The blog detailed Sydney’s experiences as a sideline reporter for KRLD, Dallas’s emerging flagship sports radio-station, which had recently purchased exclusive radio-broadcast rights to all sixteen regular-season football games played annually by the Dallas Cowboys, although KRLD was contractually obliged, in the event the Cowboys managed to qualify for the National Football League’s annual “playoffs,” to cede all radio-broadcast rights to the local ESPN affiliate, 104.3 FM, who, in the event of the aforementioned qualification, had contractually agreed to maintain most of KRLD’s technical staff, but would replace the entire “frontline,” or publically visible staff, which included Sydney Montclaire, with their own staff of nationally recognized sports broadcasters, meaning in Sydney’s case that her job would be given over to Melissa Tafoya, an ex-Olympic runner whose only qualification for the job of sideline reporter would seem to be the profound nepotism that distinguishes the sports entertainment industry. Such criticisms were not, of course, articulated on Sydney’s blog, due partially to the fact that she knew, having had it verbally corroborated, that among the blog’s casual readers numbered her boss, Bobby Burnwell, executive producer of KRLD’s weekly football coverage, whose stated patronage of the blog, mentioned off-handedly next to KRLD’s proverbial “water-cooler” (a work-place cliché which was no cliché in the world of sports radio, staffed as abundantly as it is with ex-jocks habituated to the “game-time” routine of making frequent trips to the water-cooler in order to gulp and subsequently dispose of large transparent plastic cups of chilled water, thus contributing to a work-place environment full of diversions for the kinds of “water-cooler discussion” that were alluded to on Sydney’s weekly Cowboy-themed “Water-cooler Discussion Tips” blog post) became the first occasion for Sydney to reflect on the fact that her blog possessed an audience of real people whom she knew and that, despite her rather marginal role in KRLD’s weekly football coverage, she was nevertheless a kind of “public figure,” meaning that the things she chose to divulge to the audience of her blog had a measurable effect on the way her acquaintances, colleagues, and even “total strangers” would thenceforth encounter her. On the blog’s “preferences” panel, to which only the administrator (Sydney) and the co-administrator (John Treadstone, KRLD’s technical supervisor and spearheader of the program encouraging the “frontline” of KRLD’s football coverage to begin “reaching out” to their fans via the internet) were granted access, Sydney could monitor her blog’s traffic, which, in comparison to some of her more prominent colleagues, such as the play-by-play announcer Dale Manson, was quote “nothing to be ashamed of,” considering that on any given Sunday her “air-time” did not exceed four to five minutes of dialogue with the play-by-play announcers. Dale was careful to let Sydney know that her relative volume of internet traffic, despite her relative unimportance in the show’s broadcast, had nothing to do with the relative quality of her blog or the relative appeal of her Sunday performance, but was rather attributable to the fact that as a female in a field of business whose staff was inordinately male and whose entertainment product was inordinately consumed by males, she was sure to get relatively more attention than was worth her relative merit. Sydney did not bother to retort to Dale that, as a radio personality, her feminine attributes could not be construed to her distinct advantage, and instead merely catalogued his comments among the similar allusions to her gender that, although never explicitly hostile or malignantly intentioned, nevertheless amounted to what she and the other females in the KRLD broadcast crew privately agreed was a “sexist” work-place environment. The point was that her blog had, in fact, quickly become the most successful blog maintained by any of the members of KRLD’s “frontline,” and it was in the light of this fact that Sydney had recently begun to feel under-utilized and under-appreciated, an attitude that she suddenly had occasion to worry might have seeped into the tone of her most recent blog posts.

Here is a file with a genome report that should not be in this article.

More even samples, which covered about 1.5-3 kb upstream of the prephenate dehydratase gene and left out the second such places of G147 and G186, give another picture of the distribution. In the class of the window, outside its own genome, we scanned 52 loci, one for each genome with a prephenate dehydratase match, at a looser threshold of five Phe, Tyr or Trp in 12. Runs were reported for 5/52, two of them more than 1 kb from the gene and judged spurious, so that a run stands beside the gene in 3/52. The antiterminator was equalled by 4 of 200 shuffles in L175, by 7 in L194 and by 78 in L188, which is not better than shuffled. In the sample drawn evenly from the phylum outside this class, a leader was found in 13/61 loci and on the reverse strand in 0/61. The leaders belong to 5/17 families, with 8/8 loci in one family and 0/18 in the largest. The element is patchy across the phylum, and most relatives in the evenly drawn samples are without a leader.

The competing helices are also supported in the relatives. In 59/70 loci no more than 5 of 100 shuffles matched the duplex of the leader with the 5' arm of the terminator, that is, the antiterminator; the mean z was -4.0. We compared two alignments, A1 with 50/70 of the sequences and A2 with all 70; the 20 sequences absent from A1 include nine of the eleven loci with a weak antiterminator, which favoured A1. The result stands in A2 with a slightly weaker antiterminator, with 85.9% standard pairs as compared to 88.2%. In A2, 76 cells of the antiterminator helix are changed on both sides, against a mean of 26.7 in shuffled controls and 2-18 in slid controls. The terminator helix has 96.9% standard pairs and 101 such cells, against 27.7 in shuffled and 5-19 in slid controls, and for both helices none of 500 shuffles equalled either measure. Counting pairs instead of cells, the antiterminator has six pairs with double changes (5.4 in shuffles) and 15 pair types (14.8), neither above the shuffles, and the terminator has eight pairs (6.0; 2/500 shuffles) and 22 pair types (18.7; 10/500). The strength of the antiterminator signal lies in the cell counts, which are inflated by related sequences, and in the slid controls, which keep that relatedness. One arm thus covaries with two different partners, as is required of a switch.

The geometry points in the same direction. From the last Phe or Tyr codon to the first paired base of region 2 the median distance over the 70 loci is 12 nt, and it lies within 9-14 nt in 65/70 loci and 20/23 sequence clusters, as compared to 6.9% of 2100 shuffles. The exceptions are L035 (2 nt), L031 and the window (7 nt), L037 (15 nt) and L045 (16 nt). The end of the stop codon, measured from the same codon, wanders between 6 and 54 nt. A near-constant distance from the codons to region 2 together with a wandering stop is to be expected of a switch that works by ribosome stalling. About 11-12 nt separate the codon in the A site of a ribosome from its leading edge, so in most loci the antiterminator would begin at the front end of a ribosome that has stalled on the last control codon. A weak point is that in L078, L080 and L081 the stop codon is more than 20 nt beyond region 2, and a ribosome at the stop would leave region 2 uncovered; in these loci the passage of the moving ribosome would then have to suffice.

The “occasion to worry,” as it were, was now, the present tense, as Sydney sat stooped over her computer in the dark, re-reading every post she had ever written. This “re-reading” had begun innocently enough, when Sydney had decided to investigate her recent posts for any evidence of coded or unconscious complaints about her job at KRLD, having been summoned earlier in the day into the office of her boss, Bobby Burnwell, an avowed reader of Sydney’s blog, to discuss her “dissatisfaction” with working life at KRLD, something she had never discussed out loud with any of her co-workers other than Wendy Jacobson, KRLD’s post-game locker-room correspondent (a job traditionally given to a woman—a tradition that only begins to make sense when one considers the general reluctance of athletes to wear anything but a skimpy towel in post-game interviews and appreciates the extent to which the semi-naked state of the athletes in conjunction with their residual post-game testosterone levels renders them particularly voluble in the presence of an attractive female reporter with a microphone, the phallic significance of which we won’t even begin to speculate upon), who had certainly not “blabbed” to the higher-ups, as she shared many of Sydney’s own dissatisfactions with KRLD’s work-place. Bobby’s reassurances that Sydney was a “most valued member” of the KRLD Sunday Broadcast team and his insinuations of a future in which she was an even more valuable member, so long as she “toe[d] the company line” (air-quotes provided by Bobby to intimate, Sydney presumed, his ironic distance from such an authoritarian constraint on Sydney’s free speech) which, Bobby assured her, should not be construed as a threat or any sort of limitation on how Sydney was to behave publically, but should rather be seen as an “open invitation” to Bobby’s office, where Sydney would always find “an open ear” that would be happy to hear her troubles and concerns, should any arise. Sydney was, of course, no idiot, and followed Bobby’s monologue with assurances of her work-place satisfaction and comfort, affixing at the end of her assurances a question as to where Bobby could have arrived at the crazy idea that she was in any way dissatisfied, a query to which Bobby’s response—that Sydney, as a “public figure” needed to be mindful of what she expressed “to the public”—could only be construed as a reference to Sydney’s blog, as the blog was the only medium through which Sydney had ever addressed what could be considered a “public” outside of KRLD’s live broadcast. In any case, Bobby’s speech left Sydney unsettled and compelled her, after eating takeout in the kitchen of her town-house near downtown Dallas with one of her two housemates, to retire to her room and anxiously re-read the blog to see what could have provoked Bobby’s intervention.